How to Control LED using Buttons

This is 2nd tutorial in the Riverdi STM32 Display series, and today we will see how to control the LED using the buttons on the display. This might seem an easy topic to cover, but we will use a much standard approach to do so.
We will use the same method to interface different things, eg- UART, I2C, ADC etc in the future tutorials.

In today’s tutorial we will use a LED task, which will be responsible for setting the state of the LED, and an integer queue, which will be used to send the state of the button to the LED Task.

Let’s start with setting up the TouchGFX

TouchGFX Setup

Below is the picture of the touchGFX GUI design.

I have added 2 buttons (for ON and OFF) and a text area to display the current status of the LED. I am using large typography for the text area along with the wildcard with 10 bytes of buffer space.

The typography setup and the wildcard range is shown below.

There are 2 interactions added to the screen as shown below.

  • When the onButton is pressed, the onClicked function will be called, which we will write later in the IDE.
  • Similarly if the offButton is pressed, the offClicked function will be called.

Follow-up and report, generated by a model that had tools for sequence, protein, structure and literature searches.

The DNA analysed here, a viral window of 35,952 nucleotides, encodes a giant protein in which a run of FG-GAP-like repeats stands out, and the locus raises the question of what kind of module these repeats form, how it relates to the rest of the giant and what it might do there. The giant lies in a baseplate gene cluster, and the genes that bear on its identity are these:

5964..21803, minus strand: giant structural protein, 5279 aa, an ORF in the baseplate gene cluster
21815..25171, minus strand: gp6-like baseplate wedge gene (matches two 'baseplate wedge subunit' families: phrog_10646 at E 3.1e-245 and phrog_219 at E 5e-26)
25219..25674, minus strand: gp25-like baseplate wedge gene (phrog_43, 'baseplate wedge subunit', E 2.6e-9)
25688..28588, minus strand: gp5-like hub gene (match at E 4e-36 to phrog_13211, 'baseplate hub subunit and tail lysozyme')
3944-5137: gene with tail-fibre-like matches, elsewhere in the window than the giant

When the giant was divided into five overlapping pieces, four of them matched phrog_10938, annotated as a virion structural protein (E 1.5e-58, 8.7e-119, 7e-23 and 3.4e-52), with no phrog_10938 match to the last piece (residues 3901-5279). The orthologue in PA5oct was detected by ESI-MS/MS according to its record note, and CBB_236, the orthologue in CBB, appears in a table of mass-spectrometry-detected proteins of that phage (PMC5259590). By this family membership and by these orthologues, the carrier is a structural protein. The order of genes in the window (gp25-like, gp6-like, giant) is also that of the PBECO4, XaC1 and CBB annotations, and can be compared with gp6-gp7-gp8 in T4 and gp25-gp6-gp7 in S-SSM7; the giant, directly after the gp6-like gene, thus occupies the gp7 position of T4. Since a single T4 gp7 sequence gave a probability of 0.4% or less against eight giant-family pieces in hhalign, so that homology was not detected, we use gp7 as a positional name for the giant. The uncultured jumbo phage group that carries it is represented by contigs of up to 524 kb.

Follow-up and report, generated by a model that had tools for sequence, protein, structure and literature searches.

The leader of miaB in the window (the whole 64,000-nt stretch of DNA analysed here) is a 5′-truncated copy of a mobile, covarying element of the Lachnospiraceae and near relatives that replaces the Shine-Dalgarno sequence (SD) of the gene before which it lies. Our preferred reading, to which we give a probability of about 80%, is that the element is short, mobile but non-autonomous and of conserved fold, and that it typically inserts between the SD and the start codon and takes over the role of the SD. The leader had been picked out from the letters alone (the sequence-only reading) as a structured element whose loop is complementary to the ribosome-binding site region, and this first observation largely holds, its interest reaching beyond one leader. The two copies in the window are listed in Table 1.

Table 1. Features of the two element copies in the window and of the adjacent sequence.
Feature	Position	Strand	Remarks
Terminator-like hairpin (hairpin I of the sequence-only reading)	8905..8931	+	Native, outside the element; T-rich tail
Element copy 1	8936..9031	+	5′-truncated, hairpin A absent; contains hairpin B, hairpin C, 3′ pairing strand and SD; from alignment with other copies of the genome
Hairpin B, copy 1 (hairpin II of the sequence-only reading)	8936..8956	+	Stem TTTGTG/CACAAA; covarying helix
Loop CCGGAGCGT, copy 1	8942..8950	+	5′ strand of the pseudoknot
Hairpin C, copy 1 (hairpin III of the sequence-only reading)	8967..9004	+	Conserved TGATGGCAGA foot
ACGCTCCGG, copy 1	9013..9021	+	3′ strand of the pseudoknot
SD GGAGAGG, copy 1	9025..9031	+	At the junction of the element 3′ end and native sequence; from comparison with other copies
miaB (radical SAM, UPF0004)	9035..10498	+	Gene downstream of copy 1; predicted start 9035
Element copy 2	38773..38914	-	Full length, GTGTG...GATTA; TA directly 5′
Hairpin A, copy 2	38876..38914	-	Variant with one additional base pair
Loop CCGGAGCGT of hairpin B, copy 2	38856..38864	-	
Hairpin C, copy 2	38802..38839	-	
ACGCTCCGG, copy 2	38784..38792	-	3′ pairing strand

Additional Setup

We will write our code in a separate file. This way, whenever needed, we only have to make changes in that particular file. Let’s see how to create a new source file for our code.

Go to ProjectFolder->CM7->core->src and create a ***.c file here. Also create a ****.h file in the ProjectFolder->CM7->core->inc. I have created myfile.c and myfile.h as shown below

Now we need to add the source file we created in the makefile for compilation.

Go to ProjetFolder->gcc and open the makefile_cm7 for editing.

Now scroll down till you see the “board_c_files”. Here add the path to the file you just created.

That’s all the setup we need. Now we will write our code in the source file we just created.

To see the design process in more details, check out the video at the end of the post.

The code

main file

I have attached a LED to the pin PA5 on the expansion connector.

By default this pin is set as the DAC output pin, so we need to set it as the IO pin for the LED to work.

  /* Initialize all configured peripherals */
//  MX_DAC1_Init();